what does your diploma say? - page 2

I just graduated from the University of South Dakota with my associate of science in nursing degree. However, upon further inspection of my diploma, it just says "degree of associate of science." I... Read More

  1. Visit  PMFB-RN profile page
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    Quote from RN_2012
    The only thing that truly matters are the courses taken and how they transfer.
    *** Not exactly. For example some programs for BSN and MSN only look at the degree. WGU is a good example. Those who graduated from associates of science are eligible to complete their BSN by just taking the 7 RN to BSN classes. Those who are graduates of associates of applied science are not and must have a transcript review. This usually results in a number of other classes being required in addition to the 7 RN to BSN classes.
    Other schools are like that as well.
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  3. Visit  RN_2012 profile page
    0
    Quote from PMFB-RN

    *** Not exactly. For example some programs for BSN and MSN only look at the degree. WGU is a good example. Those who graduated from associates of science are eligible to complete their BSN by just taking the 7 RN to BSN classes. Those who are graduates of associates of applied science are not and must have a transcript review. This usually results in a number of other classes being required in addition to the 7 RN to BSN classes.
    Other schools are like that as well.
    Every RN-BSN program I have checked into all go by transcripts not what the degree is.
  4. Visit  PMFB-RN profile page
    0
    Quote from RN_2012
    Every RN-BSN program I have checked into all go by transcripts not what the degree is.
    Then you haven't checked out all of them. There is also the RN to MSN programs to consider.
  5. Visit  sharpeimom profile page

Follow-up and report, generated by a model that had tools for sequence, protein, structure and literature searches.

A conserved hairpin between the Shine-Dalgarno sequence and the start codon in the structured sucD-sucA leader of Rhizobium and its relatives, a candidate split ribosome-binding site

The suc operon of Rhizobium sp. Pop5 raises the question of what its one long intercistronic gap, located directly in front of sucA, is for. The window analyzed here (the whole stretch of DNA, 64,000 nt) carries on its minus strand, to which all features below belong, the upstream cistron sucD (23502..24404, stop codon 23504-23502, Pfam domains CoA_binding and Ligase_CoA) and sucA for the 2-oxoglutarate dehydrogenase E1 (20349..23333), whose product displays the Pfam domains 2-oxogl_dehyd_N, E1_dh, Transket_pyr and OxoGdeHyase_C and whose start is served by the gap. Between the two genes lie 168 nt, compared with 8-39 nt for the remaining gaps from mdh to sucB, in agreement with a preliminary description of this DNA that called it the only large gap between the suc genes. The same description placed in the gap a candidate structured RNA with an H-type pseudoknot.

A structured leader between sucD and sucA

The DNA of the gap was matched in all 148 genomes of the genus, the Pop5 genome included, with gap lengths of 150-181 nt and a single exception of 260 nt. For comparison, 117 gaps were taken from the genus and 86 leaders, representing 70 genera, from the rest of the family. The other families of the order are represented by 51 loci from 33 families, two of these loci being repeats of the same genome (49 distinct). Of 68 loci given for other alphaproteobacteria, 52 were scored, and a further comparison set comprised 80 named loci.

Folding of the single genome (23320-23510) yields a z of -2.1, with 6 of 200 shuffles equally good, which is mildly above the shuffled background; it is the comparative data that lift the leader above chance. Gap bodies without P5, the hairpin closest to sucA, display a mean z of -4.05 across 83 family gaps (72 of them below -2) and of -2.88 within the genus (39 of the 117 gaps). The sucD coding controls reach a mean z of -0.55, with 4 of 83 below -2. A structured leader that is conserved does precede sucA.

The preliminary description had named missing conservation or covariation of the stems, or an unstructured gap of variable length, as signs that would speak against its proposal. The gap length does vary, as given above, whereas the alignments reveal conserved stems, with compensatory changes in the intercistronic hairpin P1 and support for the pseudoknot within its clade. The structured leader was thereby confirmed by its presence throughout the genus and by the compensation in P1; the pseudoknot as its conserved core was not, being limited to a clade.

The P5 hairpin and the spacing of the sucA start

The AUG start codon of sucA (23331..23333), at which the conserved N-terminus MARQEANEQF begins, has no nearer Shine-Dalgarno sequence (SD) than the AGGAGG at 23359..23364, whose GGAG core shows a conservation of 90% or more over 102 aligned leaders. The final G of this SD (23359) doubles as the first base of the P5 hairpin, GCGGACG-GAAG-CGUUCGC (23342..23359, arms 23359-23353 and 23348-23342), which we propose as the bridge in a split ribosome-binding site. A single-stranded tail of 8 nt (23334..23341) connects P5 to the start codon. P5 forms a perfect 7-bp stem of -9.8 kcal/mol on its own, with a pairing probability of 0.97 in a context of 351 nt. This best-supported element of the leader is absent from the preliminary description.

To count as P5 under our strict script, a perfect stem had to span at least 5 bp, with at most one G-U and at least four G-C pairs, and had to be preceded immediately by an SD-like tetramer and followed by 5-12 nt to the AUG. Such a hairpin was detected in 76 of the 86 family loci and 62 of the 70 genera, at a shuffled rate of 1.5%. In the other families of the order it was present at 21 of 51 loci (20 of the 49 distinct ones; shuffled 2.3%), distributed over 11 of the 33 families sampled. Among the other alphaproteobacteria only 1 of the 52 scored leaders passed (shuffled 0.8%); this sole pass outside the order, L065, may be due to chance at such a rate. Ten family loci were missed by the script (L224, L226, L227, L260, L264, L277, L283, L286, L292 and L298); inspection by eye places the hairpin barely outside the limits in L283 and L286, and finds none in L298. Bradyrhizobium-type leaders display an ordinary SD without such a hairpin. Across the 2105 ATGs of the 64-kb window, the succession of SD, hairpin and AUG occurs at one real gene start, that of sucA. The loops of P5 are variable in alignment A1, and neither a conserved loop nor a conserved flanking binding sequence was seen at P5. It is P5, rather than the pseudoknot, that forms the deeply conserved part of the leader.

0
    I have taken my cue from my dad when it comes to diploma and degree hanging. On his inner office wall, he hung his law degree, his admission to practice before the US Supreme Court, his Eagle Scout Award, and his fourth grade penmanship certificate. Everything else stayed rolled up in the tubes in his closet. Just a few of the "everything elses" included: his medical degree, his certificate showing that he had been editor of the Law Review, etc. etc. etc.

    He won many professional awards, was recognized as a national expert in his field of law, and was directly responsible for the changing
    of three unfair to consumers laws, and the passing of two consumer friendlier banking laws, and all without hanging a raft of framed paper.

    He dropped dead suddenly at age 52 and all his many awards and framed degrees are not what most people remember about him.
    What they do remember is his laugh, his smile, his warm eyes, his willingness to lend a hand, his silly sense of humor, his love of a good practical joke, whether at the YM with kids' basketball,
    as a little league coach, or going to meet with a little old lady in her home to spare her the journey into town.

    I think I had an excellent role model.


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